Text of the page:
giovedì 21 maggio 2015
It's Grim Up North! - Intervista ai Bad Meds
Nel 1991 non avevo mai partecipato a un rave e non ero mai stato nel Nord della Gran Bretagna. Però, in qualche modo, avevo ben presente i KLF e il loro alter ego Justified Ancients Of Mu Mu, e avevo anche qualche confusa idea sulla loro strategia di sovversione attraverso la musica. Il singolo It's Grim Up North mi deve essere arrivato dentro qualche cassetta mixata di acid house pesante. Faceva venire i brividi perché il suo passo industriale, costellato di lampi minacciosi, aveva una cadenza epica, ma solo anni dopo ho potuto capire davvero di cosa si trattava.
Quando Maple Death, la nuova label curata da Jonathan Clancy (His Clancyness / A Classic Education / Settlefish), ha annunciato la terza uscita del proprio catalogo, l'eponimo EP di debutto dei Bad Meds, non mi sarei mai aspettato di trovarci dentro una cover di quel lontano pezzo. In effetti i Bad Meds provengono da Liverpool, ma fanno sostanzialmente un post-punk cupo, a tratti piuttosto aggressivo (vedi il singolo Hoax Apocalypse), e che in uno dei suoi momenti migliori (The City Against Itself) ricorda i Fall.
Mi è venuta la curiosità di andare a chiedere ai diretti interessati come era nata questa loro versione, che mi arrivava ancora una volta dentro una cassetta, e così qui sotto trovate le risposte del cantante e chitarrista Paul Rafferty (qualcuno lo ricorderà nei frenetici Hot Club da Paris). Ed è con grande piacere che oggi polaroid vi offre la première mondiale di It's Grim Up North nella infuocata versione dei Bad Meds.
[Bad Meds è disponibile su cassetta Limited Edition e digitale via Maple Death]
I would describe the sound on your debut EP something like "dark post-punk": how did you come up with the idea for a cover of a techno anthem from the early Nineties (apart from the fact that there are names of towns and villages close to your home) and how did decide to you approach it?
I first heard It's Grim Up North on the 4th side of a NOW THAT'S WHAT I CALL MUSIC cassette compilation back in 1991 - shortly after it'd come out. My mum had bought it for me so we had something to play at my primary school's disco. I suppose I would've been about 10 or so. As a kid it struck me as strange that towns I had been to or had heard of were mentioned in a real song. It wasn't until I was in my teens that I became aware of Bill Drummond's work and It's Grim Up North made more sense. I'm still very much interested in Drummond's work and have participated in his The 17 choir project. Anyway, I'd always longed to hear that song in a punk context so when we made a punk band, we tried it out and it totally worked.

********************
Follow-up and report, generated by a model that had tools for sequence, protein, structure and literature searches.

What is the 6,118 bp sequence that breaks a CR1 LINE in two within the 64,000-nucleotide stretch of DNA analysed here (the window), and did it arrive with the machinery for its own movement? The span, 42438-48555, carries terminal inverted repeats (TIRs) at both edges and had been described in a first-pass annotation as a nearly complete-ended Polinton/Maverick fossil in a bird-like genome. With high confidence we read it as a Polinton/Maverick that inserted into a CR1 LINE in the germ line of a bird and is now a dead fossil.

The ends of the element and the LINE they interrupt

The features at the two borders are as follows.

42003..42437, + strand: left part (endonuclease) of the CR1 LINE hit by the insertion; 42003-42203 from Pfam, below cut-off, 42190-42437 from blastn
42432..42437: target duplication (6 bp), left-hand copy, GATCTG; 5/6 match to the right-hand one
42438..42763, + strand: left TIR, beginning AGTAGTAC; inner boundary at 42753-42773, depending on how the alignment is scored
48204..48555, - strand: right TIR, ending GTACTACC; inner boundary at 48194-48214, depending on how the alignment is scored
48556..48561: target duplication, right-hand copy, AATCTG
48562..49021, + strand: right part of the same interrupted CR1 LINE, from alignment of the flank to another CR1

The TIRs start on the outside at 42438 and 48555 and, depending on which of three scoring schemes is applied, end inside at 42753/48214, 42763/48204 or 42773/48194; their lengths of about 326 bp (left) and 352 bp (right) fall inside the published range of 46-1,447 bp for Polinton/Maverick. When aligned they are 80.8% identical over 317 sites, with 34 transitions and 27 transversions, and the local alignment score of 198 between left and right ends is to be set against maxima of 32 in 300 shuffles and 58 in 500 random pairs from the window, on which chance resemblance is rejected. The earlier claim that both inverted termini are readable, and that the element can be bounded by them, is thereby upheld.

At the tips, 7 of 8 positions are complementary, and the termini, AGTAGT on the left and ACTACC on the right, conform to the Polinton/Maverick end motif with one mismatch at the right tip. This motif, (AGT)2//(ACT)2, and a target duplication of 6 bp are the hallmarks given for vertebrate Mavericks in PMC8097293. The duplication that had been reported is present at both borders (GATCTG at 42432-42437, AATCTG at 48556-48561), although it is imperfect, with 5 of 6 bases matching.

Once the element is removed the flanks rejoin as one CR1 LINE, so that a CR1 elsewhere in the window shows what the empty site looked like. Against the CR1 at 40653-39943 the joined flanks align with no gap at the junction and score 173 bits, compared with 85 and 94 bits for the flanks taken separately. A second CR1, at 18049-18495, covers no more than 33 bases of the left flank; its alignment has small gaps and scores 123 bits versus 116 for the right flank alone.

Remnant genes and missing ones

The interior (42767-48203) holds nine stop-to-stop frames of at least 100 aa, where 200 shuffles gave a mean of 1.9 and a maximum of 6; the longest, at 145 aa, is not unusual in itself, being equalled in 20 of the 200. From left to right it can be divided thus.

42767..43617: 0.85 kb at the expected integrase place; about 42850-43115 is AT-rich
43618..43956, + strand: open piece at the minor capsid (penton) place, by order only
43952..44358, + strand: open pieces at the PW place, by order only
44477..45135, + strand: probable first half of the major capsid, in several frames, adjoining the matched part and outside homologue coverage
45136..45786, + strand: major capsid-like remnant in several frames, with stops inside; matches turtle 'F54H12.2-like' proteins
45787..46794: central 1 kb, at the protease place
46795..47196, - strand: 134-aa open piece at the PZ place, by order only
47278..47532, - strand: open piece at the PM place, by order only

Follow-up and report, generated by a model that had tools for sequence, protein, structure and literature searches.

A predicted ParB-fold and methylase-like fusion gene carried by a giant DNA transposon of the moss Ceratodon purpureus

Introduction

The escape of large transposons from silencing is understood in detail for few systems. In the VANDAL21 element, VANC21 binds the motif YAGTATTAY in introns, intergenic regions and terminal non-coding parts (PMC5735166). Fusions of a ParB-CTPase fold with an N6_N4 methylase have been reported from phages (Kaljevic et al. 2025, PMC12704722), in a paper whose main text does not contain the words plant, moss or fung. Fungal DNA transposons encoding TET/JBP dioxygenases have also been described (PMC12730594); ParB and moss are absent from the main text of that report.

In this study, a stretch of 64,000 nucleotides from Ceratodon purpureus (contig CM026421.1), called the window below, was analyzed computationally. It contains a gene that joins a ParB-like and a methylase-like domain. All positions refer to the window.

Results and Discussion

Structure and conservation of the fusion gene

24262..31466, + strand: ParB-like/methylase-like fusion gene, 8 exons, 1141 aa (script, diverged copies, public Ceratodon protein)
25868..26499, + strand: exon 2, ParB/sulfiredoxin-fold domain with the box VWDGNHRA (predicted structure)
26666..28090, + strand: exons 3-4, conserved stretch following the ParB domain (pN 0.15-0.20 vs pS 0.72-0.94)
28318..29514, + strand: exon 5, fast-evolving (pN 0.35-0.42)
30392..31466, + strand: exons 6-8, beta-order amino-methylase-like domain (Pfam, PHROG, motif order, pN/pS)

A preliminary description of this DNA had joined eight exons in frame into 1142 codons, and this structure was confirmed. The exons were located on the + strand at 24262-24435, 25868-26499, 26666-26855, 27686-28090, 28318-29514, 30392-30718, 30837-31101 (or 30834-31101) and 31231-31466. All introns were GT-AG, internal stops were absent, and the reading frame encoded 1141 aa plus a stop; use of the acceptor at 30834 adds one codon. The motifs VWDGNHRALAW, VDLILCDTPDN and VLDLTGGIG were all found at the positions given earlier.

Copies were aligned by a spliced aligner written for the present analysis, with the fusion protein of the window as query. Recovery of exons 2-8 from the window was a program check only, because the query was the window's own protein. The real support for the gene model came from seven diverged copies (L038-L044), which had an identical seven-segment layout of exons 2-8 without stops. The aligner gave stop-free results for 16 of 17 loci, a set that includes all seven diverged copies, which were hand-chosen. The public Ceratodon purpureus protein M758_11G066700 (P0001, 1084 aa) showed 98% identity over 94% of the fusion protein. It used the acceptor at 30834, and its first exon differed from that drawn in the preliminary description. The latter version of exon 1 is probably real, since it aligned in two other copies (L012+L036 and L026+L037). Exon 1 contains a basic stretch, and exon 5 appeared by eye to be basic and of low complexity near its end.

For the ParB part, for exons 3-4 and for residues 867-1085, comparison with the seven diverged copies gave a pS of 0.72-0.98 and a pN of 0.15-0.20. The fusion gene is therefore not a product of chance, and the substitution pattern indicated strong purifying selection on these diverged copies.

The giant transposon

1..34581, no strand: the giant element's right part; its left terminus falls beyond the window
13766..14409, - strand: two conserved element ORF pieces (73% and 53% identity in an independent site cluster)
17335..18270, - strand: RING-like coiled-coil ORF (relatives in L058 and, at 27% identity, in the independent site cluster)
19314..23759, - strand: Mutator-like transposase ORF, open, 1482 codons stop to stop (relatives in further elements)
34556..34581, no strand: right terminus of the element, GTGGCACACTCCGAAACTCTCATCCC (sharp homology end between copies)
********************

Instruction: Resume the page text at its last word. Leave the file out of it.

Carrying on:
The original song ends with a huge orchestra part, and I always felt it was somehow "rave-optimistic" (and a little bit boring, to be honest). You cover doesn't include that part: should we assume it's more gloomy, and you wanted it to sound really "grim"?
Well, that orchestral part at the end of the original is "Jerusalem", a piece of music based on William Blake's poem "And Did Those Feet In Ancient Time." The poem is an ode to Jesus' rumoured visit to Glastonbury before he became the pop star we know today. The poem was set to music and became a celebratory nationalistic anthem. The use of it in this context is an artistic appropriation and with its descriptions of beauty and bleakness, it becomes a fitting anthem for the north.
Sadly we're not friendly with any orchestras, so we left it out.
Is it still "grim up North" nowadays? Do you feel the political attitude behind KLF's song is still valid or necessary, and, in some measure, you wanted to share it in your music?
Everywhere is grim for at least some people and the towns in this song are no exception. Some towns in the song are considered beautiful places and some are considered terrible ones- much like the juxtaposition between the pleasant pastures and the dark satanic mills in Blake's poem. I always read the song as a celebration of the north's beauty, diversity and its resilience to the decade of aggressive Conservative rule that preceded the song's release. I figure the phrase "It's Grim Up North" is used sarcastically though Drummond may have had different motives. In view of the last General Election and our electorate's evident self-loathing, perhaps the song is as relevant now as it was in 1991.
Your cover on the EP, with this long list of Northern cities, comes after another song called "The City Against Itself": what is that song about? Is life in the urban landscape a theme or an inspiration behind your music?
I think it's difficult to write songs about anywhere other than where you live. I've lived in a city for the last 15 years so I suppose I have no other choice than for my life in the city to be a theme in the songs we write. The City Against Itself is about developers moving in and crushing, scattering and suffocating the best bits of the places that we live. It's an epidemic.